Pica is a compulsion to eat non-edible items. It is a behavior that is frequently linked to another underlying cause. Younger cats are likelier to suffer from the problem, but senior cats can develop pica.

It’s possible that your cat is just hungry, curious, or disoriented. The end result will remain the same. You must prevent your cat from eating something unsafe. You must also learn the cause, though.

You can tell if a cat has pica by the way it interacts with non-food items. The cat will not tear something apart or swallow it straight down. Instead, the item will be ground along the back teeth then swallowed. This promotes a sense of reward in the cat’s brain. Common items that are eaten include:

  • Dirt and soil
  • Wool and fabric
  • Plastic (i.e. plastic grocery bags)
  • Paper and cardboard
  • Elastic bands
  • Candles

Eating insects, or food intended for humans or other animals, are not symptoms of pica. Many cats eat insects and bugs. This is an extension of the feline hunting instinct. Equally, a cat eating human or dog food is likelier to be born of curiosity.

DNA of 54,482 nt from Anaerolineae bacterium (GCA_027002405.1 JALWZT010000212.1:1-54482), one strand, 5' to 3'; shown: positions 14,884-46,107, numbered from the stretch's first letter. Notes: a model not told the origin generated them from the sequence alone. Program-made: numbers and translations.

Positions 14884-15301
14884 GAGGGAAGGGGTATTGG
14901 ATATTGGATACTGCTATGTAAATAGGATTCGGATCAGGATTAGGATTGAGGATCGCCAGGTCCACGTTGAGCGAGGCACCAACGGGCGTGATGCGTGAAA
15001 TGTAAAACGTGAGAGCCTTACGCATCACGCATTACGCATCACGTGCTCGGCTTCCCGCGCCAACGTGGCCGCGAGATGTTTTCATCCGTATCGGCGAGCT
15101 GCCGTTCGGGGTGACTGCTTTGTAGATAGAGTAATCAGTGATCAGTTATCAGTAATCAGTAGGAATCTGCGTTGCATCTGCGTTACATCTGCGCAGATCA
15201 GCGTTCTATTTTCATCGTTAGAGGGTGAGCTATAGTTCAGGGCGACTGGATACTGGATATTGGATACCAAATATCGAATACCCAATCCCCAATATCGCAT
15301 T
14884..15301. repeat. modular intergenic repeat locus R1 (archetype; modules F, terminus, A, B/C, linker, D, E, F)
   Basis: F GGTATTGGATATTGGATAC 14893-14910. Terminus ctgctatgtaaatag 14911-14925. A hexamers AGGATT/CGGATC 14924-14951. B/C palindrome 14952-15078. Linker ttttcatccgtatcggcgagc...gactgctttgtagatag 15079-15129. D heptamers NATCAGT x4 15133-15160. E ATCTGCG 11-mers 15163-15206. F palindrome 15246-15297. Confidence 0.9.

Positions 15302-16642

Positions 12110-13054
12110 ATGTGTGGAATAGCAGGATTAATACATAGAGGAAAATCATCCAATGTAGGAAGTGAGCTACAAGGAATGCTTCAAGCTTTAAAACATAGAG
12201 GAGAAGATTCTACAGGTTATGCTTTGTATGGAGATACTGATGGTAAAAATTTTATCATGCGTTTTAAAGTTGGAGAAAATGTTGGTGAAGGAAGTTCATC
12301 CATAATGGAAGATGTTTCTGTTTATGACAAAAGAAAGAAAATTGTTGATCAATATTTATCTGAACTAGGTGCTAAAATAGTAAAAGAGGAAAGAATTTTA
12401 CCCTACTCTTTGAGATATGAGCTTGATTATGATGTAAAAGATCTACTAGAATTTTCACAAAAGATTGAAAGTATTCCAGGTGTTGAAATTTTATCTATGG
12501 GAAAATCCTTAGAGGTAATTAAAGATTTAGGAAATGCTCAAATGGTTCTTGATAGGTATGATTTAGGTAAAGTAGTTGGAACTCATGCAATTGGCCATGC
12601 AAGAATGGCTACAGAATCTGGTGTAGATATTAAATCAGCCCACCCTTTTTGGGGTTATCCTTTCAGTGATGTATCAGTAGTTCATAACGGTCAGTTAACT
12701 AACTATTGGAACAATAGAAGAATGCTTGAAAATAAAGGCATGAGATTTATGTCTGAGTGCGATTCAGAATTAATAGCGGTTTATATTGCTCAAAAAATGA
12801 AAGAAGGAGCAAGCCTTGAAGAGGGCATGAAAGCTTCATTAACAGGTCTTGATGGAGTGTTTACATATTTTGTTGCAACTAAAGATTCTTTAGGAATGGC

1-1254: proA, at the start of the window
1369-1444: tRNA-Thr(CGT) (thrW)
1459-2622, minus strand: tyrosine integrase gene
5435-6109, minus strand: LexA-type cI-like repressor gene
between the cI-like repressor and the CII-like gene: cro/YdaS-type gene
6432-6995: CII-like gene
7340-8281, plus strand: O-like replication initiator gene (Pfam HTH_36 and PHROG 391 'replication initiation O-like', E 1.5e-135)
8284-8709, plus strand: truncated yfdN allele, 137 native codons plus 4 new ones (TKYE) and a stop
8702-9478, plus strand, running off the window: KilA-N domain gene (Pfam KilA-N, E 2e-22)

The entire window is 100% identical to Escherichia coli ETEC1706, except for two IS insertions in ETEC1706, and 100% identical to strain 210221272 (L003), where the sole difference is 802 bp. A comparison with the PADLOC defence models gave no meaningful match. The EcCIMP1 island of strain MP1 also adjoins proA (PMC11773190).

As long as the food is not damaging to the cat, it is not an emergency. Cats can even be fed dog food in an emergency. If your cat is eating strange of unusual household objects, though, action is required.

why does my cat eat garbage?

Is Pica Dangerous for Cats?

Pica, in and of itself, is not life-threatening. The impact of eating items that aren’t food can be fatal, though. Your cat may eat dirt or soil that contains dangerous bacteria. Arguably even likelier is that your cat will eat something that causes a digestive blockage.

If you know that your cat has pica, watch it carefully. Restrict access to anything the cat may eat and keep it indoors. Also watch out for warning signs of digestive difficulties. These include: